Looking Back on Production Print in 2011

Ralf Schlozer
Dec 16, 2011

The close of the year end is always a good time to look up from day-to-day business and review the important news that happened during the year.

Overall 2011 proved to be a pretty decent year for digital production printing. Installations of digital production printing equipment were on the rise again, after recovering from a drop in 2009 in the aftermath of the financial crisis. 2010 installations were already on the rise driven by gains in high end colour placements (see blog). 2011 was set to improve on that, however this time it was not financial markets that were the problem. Instead, nature struck in the early months of the year. The earthquake and tsunami in Japan raised some doubts about whether Japanese suppliers would be able to meet demand. In fact, we did see a decline in installations in device segments with large shares of Japanese manufacturers in the second quarter. However installations in the third quarter were almost up to normal again and we expect that by the fourth quarter almost all of the supply chain disruptions will have been ironed out. Overall the impact on the POD market in 2011 was limited, some product introductions could have been delayed and total sales in 2011 will be somewhat lower. Undoubtedly the ultra-high volume continuous feed colour inkjet segment was the star of the year. Despite the unwieldy name products gained rapid acceptance in recent years and 2011 will have the highest placement growth, in absolute numbers, the market has ever seen. We already know that the 28% growth in placements we forecasted for 2011 will be surpassed. This was augmented by more inkjet product launches from Fuji Xerox , HP , Kodak , Océ and Xerox .

We just finished a survey by interviewing over 50 users of continuous feed colour inkjet equipment, which was about every fourth company owning that kind of equipment. This study gave us excellent detailed insight into usage and future requirements of high speed colour inkjet printing. While the devices are knocking at the door of commercial print, features are still a better match for transaction and direct mail printers.

Deinking of inkjet print remained a topic in 2011, although discussions stayed a bit less antagonistic after INGEDE (the association of paper manufacturers on deinking) and DPDA (the alliance of the inkjet vendors on deinking) signed a letter of cooperation deal early in 2011. It was followed by the first technical conference on deinking in at the “Centre Technique du Papier” in Grenoble where there were some promising approaches to solving the problem of deinking of inkjet prints for recycling.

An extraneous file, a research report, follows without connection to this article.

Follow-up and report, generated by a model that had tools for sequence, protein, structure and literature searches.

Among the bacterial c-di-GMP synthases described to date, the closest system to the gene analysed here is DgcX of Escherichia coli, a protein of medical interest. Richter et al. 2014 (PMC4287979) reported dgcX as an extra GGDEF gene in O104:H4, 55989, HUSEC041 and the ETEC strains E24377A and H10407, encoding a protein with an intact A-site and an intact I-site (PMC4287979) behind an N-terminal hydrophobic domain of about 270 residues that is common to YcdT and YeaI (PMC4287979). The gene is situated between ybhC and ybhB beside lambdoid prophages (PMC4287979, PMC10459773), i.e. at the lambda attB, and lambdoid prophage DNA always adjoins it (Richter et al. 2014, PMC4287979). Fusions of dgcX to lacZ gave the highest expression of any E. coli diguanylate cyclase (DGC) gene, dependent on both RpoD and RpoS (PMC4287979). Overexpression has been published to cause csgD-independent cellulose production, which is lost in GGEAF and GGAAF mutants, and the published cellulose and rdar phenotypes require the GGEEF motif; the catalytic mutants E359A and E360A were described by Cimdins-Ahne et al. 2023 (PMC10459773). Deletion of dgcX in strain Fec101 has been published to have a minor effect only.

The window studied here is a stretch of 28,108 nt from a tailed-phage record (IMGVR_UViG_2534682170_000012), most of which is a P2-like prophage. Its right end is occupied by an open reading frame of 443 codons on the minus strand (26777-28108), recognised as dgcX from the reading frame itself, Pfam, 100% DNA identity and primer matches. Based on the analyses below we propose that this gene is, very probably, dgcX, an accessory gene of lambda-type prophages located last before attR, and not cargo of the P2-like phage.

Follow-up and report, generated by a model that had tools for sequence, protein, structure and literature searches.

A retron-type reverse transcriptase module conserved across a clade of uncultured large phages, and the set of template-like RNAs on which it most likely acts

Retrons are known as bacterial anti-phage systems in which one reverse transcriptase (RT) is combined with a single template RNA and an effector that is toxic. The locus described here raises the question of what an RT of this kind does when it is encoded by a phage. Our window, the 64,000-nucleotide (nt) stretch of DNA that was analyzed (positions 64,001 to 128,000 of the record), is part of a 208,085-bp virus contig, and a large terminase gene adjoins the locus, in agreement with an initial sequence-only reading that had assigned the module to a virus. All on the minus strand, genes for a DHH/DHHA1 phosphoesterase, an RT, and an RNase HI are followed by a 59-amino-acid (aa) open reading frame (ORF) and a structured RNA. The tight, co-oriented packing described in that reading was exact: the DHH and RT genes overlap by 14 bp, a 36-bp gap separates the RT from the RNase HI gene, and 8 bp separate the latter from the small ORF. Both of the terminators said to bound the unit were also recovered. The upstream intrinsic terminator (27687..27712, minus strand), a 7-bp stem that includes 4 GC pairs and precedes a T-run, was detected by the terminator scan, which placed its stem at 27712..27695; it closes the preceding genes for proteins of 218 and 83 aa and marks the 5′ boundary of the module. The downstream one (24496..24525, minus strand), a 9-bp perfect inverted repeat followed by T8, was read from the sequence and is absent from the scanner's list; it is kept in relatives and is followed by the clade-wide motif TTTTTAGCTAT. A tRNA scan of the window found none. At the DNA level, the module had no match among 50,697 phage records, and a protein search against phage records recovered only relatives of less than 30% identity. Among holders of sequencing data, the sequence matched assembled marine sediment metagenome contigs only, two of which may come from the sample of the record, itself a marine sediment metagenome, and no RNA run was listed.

It was not all smooth sailing this year. 2011 brought a lot of turmoil to the offset printing market. My first blog of the year on the bankruptcy of the Japan based sheet-fed offset press manufacturer Shinohara was titled “The first sizeable offset press manufacturer files for bankruptcy”. It triggered our report on the status of the offset press manufacturing market and their alliances with digital press vendors. The digital ventures provided a bright spark in a somewhat bleak outlook for offset press manufacturing. Little did we know that by the end of the year, a truly sizeable, one could also say market leading, offset manufacturer would go into into receivership (see the blog entitled “manroland enters insolvency”). The outlook for the other offset press vendors is still uncertain and whether manroland’s troubles will be of any benefit to the remaining manufacturers is yet to be seen.

Of course all eyes are now set at drupa 2012, which will be the place to be in the printing industry. Despite catering to an industry being crunched between cut corporate and public spending and strong competition from e-media, drupa still seems to be going strong — exhibit space is almost sold out despite the addition of another hall. However a frequency of every four years does not match the rapid pace of developments in digital printing systems and software solutions. The drupa organiser Messe Düsseldorf launched in 2011 an event called Digimedia in an attempt to fill the gap, although it has had mixed success. We will see how many graphic arts oriented trade shows can survive in this tough market climate. In general, we see a trend towards more focussed events and open houses, but drupa will surely remain the place to be and to see new announcements. In that respect, let’s look forward to an exciting 2012.

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